I don’t have all the answers, to be sure. Don’t even know all the questions. But I believe as human beings we have things placed on our hearts by the hand of God. If we respect them, we respect Him. So that’s my gauge, simplistic as it might seem to some.


    • Maureen Lang says:

      Love your thoughts, Vicki! It’s a heart issue, really, not a rule issue. Didn’t Christ die to set us free from the rules? To follow the most basic commandments out of freedom, to love God and love our neighbor. I absolutely agree we need to understand all sides of an issue, the upsides and the downsides, the clean and the dirty. How can we hope to understand anyone else’s point of view if we don’t even consider it? There are some things that are probably easily clear – issues by themselves that we need to be aware of. But when it comes to people, that’s when we have to look past the rules and love them the way Christ would.


  3. Wendy Reis says:

    Thank you for this. It is balanced and noncritical. The wine analogy is interesting. I do enjoy a few glasses of wine per year, and I mean one at a time, with a special meal. I am not an alcoholic so I can drink a little and not get drunk. My husband can’t touch it.

    I don’t think a little erotica as opposed to being addicted is the same thing. I won’t read any. People can do what they please – freedom to choose is God-given. It is none of my business. But I am in the business of reading. I am an editor. Chosing quietly not to read some things is not an option. I am in a position of having to refuse, gently, politely, without passing judgment.
    Wendy Reis


    • Maureen Lang says:

      You’re so right, Wendy! Freedom to choose is God-given, and it’s not our place to go around judging others. It’s a good thing that’s not our job or we probably wouldn’t have many friends.
      A while ago there was a controversial blog posting (can’t recall where, but written by a pastor) who said women shouldn’t read romances because they made women “dissatisfied” with their husbands. I commented that such an attitude couldn’t be more wrong. I not only read romantic novels, I write them – and such story lines remind me of why I fell in love with my husband to begin with, and how much I continue to love him. I think women are smart enough to know characters in novels are for the most part larger than life and few of us can live up to them. For heaven sakes, they don’t even need to use the bathroom in books! It’s not reality. 🙂
      Still, there must be a percentage of people out there who might agree with the take that reading romances might not be good for them. That’s fine, I’m not going to judge anyone for it. I just don’t agree that such subject matter is harmful, at least for me.


  4. Jay Lowder says:

    Great dialogue, ladies! I really can’t add anything that hasn’t already been addressed or expressed, but I would like to chime in as a man. As you ladies know (and my wife will attest to!) our brains are wired a LOT differently than yours. This isn’t good or bad, it’s simply to note how unique we are. Since we men are visually stimulated, I personally have to avoid any novel that describes a romantic scene in, shall we say, an intimate manner. In fact, as a church leader, I would advise the men in my group to do the same, not so much from a spiritual argument (although there are definitely verses to support this) but from a neurological/psychological argument. Every man I know struggles (at some level) in this area and the men I know that are addicts all point to the “innocent” picture or text that got them hooked. Now as far as the line per violence, profanity, edginess, etc., I think we men can draw our own lines using scripture, upbringing and grace. But in the area of romantic material, we men need to adopt a “reader beware” mindset.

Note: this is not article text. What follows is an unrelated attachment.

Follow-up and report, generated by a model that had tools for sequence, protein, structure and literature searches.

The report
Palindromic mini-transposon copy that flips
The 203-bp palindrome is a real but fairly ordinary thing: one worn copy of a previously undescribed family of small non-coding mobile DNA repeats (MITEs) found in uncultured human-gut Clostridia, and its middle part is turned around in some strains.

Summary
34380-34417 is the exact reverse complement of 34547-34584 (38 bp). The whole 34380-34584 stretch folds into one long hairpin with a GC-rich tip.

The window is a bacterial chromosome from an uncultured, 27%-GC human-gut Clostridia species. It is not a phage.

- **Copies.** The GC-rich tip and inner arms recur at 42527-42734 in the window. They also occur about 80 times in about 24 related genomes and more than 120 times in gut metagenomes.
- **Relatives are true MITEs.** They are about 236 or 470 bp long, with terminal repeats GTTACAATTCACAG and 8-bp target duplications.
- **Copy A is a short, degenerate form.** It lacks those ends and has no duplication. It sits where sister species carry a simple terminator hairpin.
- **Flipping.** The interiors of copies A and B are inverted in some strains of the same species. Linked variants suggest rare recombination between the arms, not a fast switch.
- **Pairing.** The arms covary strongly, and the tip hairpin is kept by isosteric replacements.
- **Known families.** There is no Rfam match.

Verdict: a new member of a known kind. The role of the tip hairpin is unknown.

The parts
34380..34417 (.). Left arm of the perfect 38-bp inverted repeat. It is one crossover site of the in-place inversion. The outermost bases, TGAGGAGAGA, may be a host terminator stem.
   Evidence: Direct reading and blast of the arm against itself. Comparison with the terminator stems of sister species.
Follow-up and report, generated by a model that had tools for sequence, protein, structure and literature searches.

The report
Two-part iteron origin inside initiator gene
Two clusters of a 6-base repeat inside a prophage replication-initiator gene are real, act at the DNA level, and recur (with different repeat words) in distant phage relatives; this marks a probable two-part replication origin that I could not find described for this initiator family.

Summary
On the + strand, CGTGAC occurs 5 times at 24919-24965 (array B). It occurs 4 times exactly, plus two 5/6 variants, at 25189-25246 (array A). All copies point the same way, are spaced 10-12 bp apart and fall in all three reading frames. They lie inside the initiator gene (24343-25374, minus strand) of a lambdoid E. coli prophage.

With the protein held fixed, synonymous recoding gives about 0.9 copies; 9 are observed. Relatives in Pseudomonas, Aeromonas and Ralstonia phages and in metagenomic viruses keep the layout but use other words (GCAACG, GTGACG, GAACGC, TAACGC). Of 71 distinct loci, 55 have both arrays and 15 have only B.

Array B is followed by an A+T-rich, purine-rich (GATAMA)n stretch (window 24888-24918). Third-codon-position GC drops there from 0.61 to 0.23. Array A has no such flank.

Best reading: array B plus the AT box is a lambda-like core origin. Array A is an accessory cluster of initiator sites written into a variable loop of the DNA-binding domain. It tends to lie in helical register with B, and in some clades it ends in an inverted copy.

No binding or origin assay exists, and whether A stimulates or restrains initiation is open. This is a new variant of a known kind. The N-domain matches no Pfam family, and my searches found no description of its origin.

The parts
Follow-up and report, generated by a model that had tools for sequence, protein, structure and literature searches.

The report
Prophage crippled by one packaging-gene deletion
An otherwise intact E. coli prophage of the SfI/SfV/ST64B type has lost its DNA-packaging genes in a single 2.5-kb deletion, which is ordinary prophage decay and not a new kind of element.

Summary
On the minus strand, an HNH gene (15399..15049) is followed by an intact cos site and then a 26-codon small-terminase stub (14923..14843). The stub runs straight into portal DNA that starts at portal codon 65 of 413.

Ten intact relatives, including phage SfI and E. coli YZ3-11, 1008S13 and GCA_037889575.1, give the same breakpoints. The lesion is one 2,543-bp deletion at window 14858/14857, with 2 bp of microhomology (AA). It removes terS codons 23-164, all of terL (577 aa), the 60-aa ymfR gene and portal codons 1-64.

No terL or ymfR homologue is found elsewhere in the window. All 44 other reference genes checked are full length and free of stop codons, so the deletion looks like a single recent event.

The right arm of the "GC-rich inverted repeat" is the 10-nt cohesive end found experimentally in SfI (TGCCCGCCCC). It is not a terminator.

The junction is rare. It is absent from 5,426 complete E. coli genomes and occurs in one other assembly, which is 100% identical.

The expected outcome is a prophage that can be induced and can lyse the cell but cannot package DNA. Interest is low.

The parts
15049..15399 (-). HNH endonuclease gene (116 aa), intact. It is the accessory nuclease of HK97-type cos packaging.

I LOVED your point about the Bible being edgy and real. Lynette even commented the Bible should be rated PG. I would go so far as to rate it R. I don’t mean that to offend anyone, but have you REALLY read what David did to Goliath AFTER he cut off his head? Remember the siege where Israel resorted to cannibalism? How about God calling Israel a harlot and then describing her actions? Song of Solomon? And the piece de resistance, Jesus’ crucifixion (which is still considered the most heinous form of capital punishment ever devised.)


    • Maureen Lang says:

      Very true, Jay – didn’t Passion of the Christ earn its R rating?
      I’m sure you’re also right about how men struggle in different ways than women. Many of my secular friends who read romance novels tend to skip or skim over the love scenes of some secular books, mainly because such scenes don’t move the plot forward and they’re reading it for story. That just means nothing’s missing from Inspirational romance novels which don’t include them to begin with. 🙂
      I think this is where Christians need to be sensitive to the Holy Spirit, Who leads each of us according to our strengths and weaknesses so we know where our personal lines should be. And then honor those lines.


  5. I do find myself sticking to more Christian fare, though many wouldn’t consider Koontz Christian fare. There are quite a few ABA books written by authors with the ability to bring Christ into the story–or at least compare good and evil–and still sell tons of books, though they take a lot of nasty reviews from those who hate Christianity. I once had to judge a book I would never have picked up that included everything from sex scenes to F-bombs to every other kind of word bomb, but had one lovely Christian character who influenced the rest by his prayers and his Christian witness. I couldn’t help wondering if some reader who would never have picked up one of my Christian novels would have read that one and been touched.


    • Maureen Lang says:

      Great point! Sometimes we have to go where the sinners are, just as Christ did and was commented on above. It’s always amazing to me how many avenues God can use to touch hearts – sometimes in ways we never would dream of doing. I’m not saying I’ll ever write a book as gritty as the one you’ve described, but if someone is awakened to God through such means, then all the praise goes to Him.


  6. juliearduini says:

    Great post, Maureen! Most of my reading is Christian but I’m not against secular reading. When I pick up a secular book though, it just doesn’t draw me in like Christian fiction does. The profanity I see in so many books gets old.


    • Maureen Lang says:

      I know what you mean, Julie! I remember hearing about a comic years ago who opened his act with a profane word – just repeated it, repeated it and repeated it. He said he wanted to “desensitize” his audience so they wouldn’t be distracted by it during his act. This was, of course many years ago! I think nowadays people expect comics – and secular books – to use profanity. The thing is, though, it’s just so unnecessary most of the time.